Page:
A small study (opens in new tab) of healthy twins aged between eight and 82 concluded that while genetics played a role, our immunity was mainly determined by non-inheritable factors. The germs we are exposed to throughout our lives, as well as individual lifestyle factors such as sleep, stress, diet and exercise, all play an important role in the strength of our body’s defense system.

Dr Deepak Ravindran (opens in new tab), MD, also tells Live Science: "Since the predominant amount of the immune system is around the gut, traditional ways of ‘boosting’ the immune system have been around diet and nutrition and supplements. 

"The immune and nervous systems are deeply interlinked, so methods such as mindfulness, breathwork techniques and meditation can also achieve the same impact on the immune system. Relaxation strategies around touch, art therapy, grounding techniques, dance and movement can all have the same impact on calming and boosting the immune system."

man and woman looking at bottles of supplements in their home

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How to support your immune system

Being physically active and eating a balanced, nutritious diet are all ways to naturally support the immune system, says Passerrello.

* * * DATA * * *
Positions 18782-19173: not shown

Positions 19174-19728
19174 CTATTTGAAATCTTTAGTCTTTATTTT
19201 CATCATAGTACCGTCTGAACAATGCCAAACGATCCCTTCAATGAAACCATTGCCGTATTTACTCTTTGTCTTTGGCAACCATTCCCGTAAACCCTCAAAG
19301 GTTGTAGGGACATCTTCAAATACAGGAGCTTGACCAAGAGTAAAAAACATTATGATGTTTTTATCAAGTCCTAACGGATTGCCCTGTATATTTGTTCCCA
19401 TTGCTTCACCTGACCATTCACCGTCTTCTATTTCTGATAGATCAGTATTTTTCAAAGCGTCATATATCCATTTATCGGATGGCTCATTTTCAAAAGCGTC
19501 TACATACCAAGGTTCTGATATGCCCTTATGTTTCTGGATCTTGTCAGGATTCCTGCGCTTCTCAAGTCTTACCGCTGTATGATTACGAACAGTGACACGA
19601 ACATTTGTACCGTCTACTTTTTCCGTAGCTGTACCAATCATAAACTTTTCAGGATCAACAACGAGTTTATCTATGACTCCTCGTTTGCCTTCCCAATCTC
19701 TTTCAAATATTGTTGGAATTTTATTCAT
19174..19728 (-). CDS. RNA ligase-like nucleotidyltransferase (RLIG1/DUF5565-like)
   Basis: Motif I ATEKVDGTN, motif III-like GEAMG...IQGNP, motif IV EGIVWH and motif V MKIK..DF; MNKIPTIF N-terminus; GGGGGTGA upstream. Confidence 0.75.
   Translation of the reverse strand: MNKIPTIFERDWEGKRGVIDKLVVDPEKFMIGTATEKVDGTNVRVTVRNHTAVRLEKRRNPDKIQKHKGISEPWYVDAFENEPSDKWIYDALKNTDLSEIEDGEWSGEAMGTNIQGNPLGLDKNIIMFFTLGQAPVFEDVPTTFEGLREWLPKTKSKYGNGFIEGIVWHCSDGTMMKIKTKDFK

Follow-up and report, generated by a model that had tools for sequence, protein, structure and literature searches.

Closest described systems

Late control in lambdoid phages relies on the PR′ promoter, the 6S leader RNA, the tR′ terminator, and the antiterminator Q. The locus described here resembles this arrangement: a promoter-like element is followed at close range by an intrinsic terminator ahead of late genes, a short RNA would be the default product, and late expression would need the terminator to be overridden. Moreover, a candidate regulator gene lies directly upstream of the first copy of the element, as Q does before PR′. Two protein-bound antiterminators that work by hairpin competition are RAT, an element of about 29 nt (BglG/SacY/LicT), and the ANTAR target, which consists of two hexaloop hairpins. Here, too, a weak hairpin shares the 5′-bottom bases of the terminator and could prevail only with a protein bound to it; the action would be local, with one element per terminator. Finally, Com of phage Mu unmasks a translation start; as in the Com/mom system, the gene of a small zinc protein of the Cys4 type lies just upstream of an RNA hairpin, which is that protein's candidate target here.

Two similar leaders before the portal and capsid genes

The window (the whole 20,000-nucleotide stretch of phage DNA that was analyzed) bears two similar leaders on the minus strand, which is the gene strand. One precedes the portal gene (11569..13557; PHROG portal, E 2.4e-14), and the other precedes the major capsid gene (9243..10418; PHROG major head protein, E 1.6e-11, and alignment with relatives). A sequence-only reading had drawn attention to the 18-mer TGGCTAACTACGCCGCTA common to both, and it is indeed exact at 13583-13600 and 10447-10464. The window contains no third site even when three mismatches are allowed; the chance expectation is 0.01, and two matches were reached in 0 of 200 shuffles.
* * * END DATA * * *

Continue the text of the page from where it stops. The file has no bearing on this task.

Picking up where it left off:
Aim for antioxidants 

Proper nutrients are essential to immune function, and they help spur the creation of white blood cells and antibodies, which fight disease. “Antioxidants are components of foods that help protect us at the cellular level – they protect our cells by neutralizing potentially harmful substances that make their way into our bodies,” she says. “Most plant foods are good sources of antioxidants.” 

Eat fermented foods 

According to Passerrello, inflammation is a sign that our body is using the immune system to try and restore equilibrium. “Our bodies need helpful bacteria to balance out the bacteria in our gut and keep inflammation at bay,” she says. Eating gut-friendly probiotic foods, like yogurt, kefir, kimchi, kombucha and tempeh is a good way to support the immune system. 

woman eating a probiotic yogurt to lose weight

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Vary your sources of vitamin C

Vitamin C is a key component of white blood cells and they play a big role within the immune system and help to fight infection. Cup for cup, red bell peppers have more vitamin C than citrus fruits, so look beyond citrus for vitamin C sources. 

Zone in on zinc

Zinc deficiency can impact both our innate and adaptive immunity because of its role in many different types of cells within the immune system,” says Passerrello. “Example: our lymphocytes are a type of cell that plays a role in immunity. Lymphocyte activity is dependent on adequate levels of zinc. Beef, cereal, shellfish, seeds, and legumes are good sources of zinc.” 

food sources that are high in zinc

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Take regular exercise